Methods: This survey, conducted from May to December 2017, examined influential factors for HPV vaccine non-initiation. HPV-related disease period prevalence was also analyzed in this regional survey.
Results: Of the 164 patients approached for the study, 157 participated and 154 completed the survey resulting in a 95% response rate. Twenty-nine percent of patients within the United States Food and Drug Administration (FDA) approved age range had started or completed the HPV vaccine series at survey administration. The most significant reason for HPV vaccine non-initiation among age eligible transplant patients was a reduced physician intention to recommend.
Conclusions: HPV vaccination remains underutilized in solid organ transplant patients. Emphasis on physician intention to recommend HPV vaccination will reduce vaccine non-initiation rates.
Solid organ transplantation, Human papillomavirus, Immunosuppression, Malignancy
Title: Parvovirus Infections in Solid Organ Transplant Recipients
Author: Kenneth Pursell
Title: Chagas disease, leishmaniasis and malaria in solid organ transplant recipients
Authors: Spinello Antinori, Laura Milazzo
Title: Beta HPV detection in Solid Organ Transplant Recipients: our case series
Authors: E. Zavattaro, F. Veronese, L. Camillo, C. Borgogna, M. Gariglio, P. Savoia
Title: Epidemiology, clinical features and outcome of urinary tract infections in kidney transplant patients due multidrug-resistant bacteria
Authors: Marta Bodro, Frederic Cofan, Laura Linares, Fritz Diekmann and Asunción Moreno
Title: Evaluation of the renal graft function after HCV treatment with interferon-free directly acting antiviral: a centre experience
Authors: Oscar Andrés Calle Mafla 2, †, *, Ney Arencibia Pérez 2, †, María Luisa Agüera Morales 1, 2, †, Francisco Javier Serrano Ruiz 1, 3, †, María Dolores Navarro Cabello 1, 2, †, Victoria Eugenia García Montemayor 1, 2, †, Miguel Esaul Llanos Olivera 4, †, José Luis Montero Álvarez 1, 3, †, Alberto Rodríguez Benot 1, 2, †, Pedro Aljama García 1, 2, †
1 Maimonides Biomedical Research Institute of Cordoba, Spain;
2 Renal Department, Reina Sofia University Hospital. Cordoba, Spain;
3 Hepatology Department, Reina Sofia University Hospital. Cordoba, Spain;
4 Surgery Department, Reina Sofia University Hospital. Cordoba, Spain;
† These authors contributed equally to this work.
Title: KIDNEY FUNCTION AFTER TREATMENT OF HEPATITIS C INFECTION WITH NEW DIRECT-ACTION ANTIVIRALS IN KIDNEY TRANSPLANT PATIENTS
Authors: Matilde Sánchez Conde, Ana Moreno Zamora
Title:Viral infections in Lung Transplant Recipients and Implications for Long Term Outcomes
Authors: Sheila Krishnan DO1, Chadi Hage MD2, David Van Duin MD3, and Leonard Jason Lobo MD1
1. University of North Carolina, Division of Pulmonary Diseases and Critical Care, Chapel Hill, North Carolina, USA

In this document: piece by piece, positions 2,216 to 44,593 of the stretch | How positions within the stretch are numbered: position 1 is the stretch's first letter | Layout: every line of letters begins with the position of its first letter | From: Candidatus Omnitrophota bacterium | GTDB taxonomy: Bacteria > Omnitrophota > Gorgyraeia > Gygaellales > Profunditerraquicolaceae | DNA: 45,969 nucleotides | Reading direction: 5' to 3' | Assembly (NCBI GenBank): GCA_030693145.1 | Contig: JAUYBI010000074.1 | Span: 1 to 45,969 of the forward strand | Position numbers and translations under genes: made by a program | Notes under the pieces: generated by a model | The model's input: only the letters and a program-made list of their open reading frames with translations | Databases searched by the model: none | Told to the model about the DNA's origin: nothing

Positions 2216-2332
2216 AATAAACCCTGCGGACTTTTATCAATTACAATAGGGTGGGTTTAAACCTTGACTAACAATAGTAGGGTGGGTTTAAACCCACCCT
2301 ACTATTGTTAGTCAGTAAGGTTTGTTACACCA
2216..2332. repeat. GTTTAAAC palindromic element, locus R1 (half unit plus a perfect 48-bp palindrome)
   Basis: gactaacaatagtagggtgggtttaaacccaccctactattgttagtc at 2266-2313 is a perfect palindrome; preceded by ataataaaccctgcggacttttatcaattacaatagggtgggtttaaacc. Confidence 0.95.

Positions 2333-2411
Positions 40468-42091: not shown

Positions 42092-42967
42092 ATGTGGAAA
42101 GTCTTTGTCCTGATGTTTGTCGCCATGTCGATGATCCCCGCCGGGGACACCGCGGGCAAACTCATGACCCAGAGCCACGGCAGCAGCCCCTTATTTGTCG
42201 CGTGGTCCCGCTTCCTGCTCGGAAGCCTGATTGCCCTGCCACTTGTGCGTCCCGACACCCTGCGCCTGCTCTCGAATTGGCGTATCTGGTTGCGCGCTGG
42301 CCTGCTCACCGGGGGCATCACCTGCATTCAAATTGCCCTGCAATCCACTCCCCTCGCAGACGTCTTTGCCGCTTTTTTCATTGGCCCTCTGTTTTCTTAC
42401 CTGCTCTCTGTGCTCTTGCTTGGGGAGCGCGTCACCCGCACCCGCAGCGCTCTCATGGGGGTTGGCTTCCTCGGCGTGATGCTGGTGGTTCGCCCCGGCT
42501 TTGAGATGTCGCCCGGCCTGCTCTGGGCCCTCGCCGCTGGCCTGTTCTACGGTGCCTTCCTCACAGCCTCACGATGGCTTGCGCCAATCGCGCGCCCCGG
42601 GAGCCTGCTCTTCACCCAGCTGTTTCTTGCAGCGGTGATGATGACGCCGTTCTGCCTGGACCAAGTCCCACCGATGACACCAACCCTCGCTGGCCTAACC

2. Indiana University Health Thoracic Transplant Program, Indianapolis, Indiana, USA
3. University of North Carolina, Division of Infectious Disease, Chapel Hill, North Carolina, USA
Lung transplant recipients are at greater risk of viral infections as compared to other solid organ transplant recipients due to constant exposure to the external environment. There are no standardized methods for surveillance, prevention, or treatment of these infections despite their association with increased morbidity and mortality. Various studies have shown linked viral infections with acute cellular rejection and chronic allograft dysfunction, and emerging data indicates a role in antibody mediated rejection. This paper will review the prevalence and impact of community acquired respiratory viruses in lung transplant recipients, review the evidence linking viral infections to long term graft dysfunction and rejection, describe existing strategies for surveillance and prevention, and list the currently available and promising investigational therapies.
Title: Isolated Hepatic Mucormycosis in the Early Post-Transplant Period: A Case Report and Literature Review
Authors: Michael Czapka, Carlos Santos, Laurie Proia
Katerina G. Oikonomou, Sarah Taimur
Received: February 14, 2019; Published: June 17, 2019; doi:10.21926/obm.transplant.1902066
Sheila Krishnan, Chadi Hage, Raymond Coakley, David van Duin, Leonard Jason Lobo
Received: February 18, 2019; Published: June 10, 2019; doi:10.21926/obm.transplant.1902065
Javier Carbone, Juan Fernandez-Yañez, Iago Sousa, Patricia Muñoz, Elizabeth Sarmiento
Received: November 23, 2018; Published: March 22, 2019; doi:10.21926/obm.transplant.1901058
Dagan Coppock, Caytlin Deering, Shara Epstein, Dong Heun Lee
Received: December 23, 2018; Published: March 01, 2019; doi:10.21926/obm.transplant.1901054
Jessica Lum, Sherif B. Mossad
Received: October 26, 2018; Published: February 14, 2019; doi:10.21926/obm.transplant.1901050
David J. Epstein, Aruna K. Subramanian
Received: November 18, 2018; Published: February 12, 2019; doi:10.21926/obm.transplant.1901048
Joanna K. Nelson, Aruna Subramanian
Received: November 30, 2018; Published: February 01, 2019; doi:10.21926/obm.transplant.1901047
Marion Hemmersbach-Miller, Cameron R. Wolfe, Kenneth E. Schmader
Received: November 30, 2018; Published: February 01, 2019; doi:10.21926/obm.transplant.1901046
Michael Czapka, Carlos A.Q. Santos, Laurie A. Proia
Received: October 8, 2018; Published: February 1, 2019; doi:10.21926/obm.transplant.1901045
Margaret E. Newman, Kenneth Pursell, David Pitrak
Received: November 05, 2018; Published: January 21, 2019; doi:10.21926/obm.transplant.1901040
Spinello Antinori, Laura Milazzo
Received: October 28, 2018; Published: January 15, 2019; doi:10.21926/obm.transplant.1901039
Makeda L. Robinson, Kyle Enriquez, Dora Y. Ho
Received: November 02, 2018; Published: January 09, 2019; doi:10.21926/obm.transplant.1901038
David C. Gaston, Marwan M. Azar
Received: November 14, 2018; Published: December 29, 2018; doi:10.21926/obm.transplant.1804037
Ashrit Multani, Stanley Deresinski
Received: October 31, 2018; Published: December 27, 2018; doi:10.21926/obm.transplant.1804035
Michael Y. Shino, Ariss DerHovanessian, David M. Sayah, Rajan Saggar, Ying Ying Xue, Abbas Ardehali, Barry R. Stripp, David J. Ross, Joseph P. Lynch, Robert M. Elashoff, S. Samuel Weigt, John A. Belperio
Received: September 11, 2018; Published: November 30, 2018; doi:10.21926/obm.transplant.1804029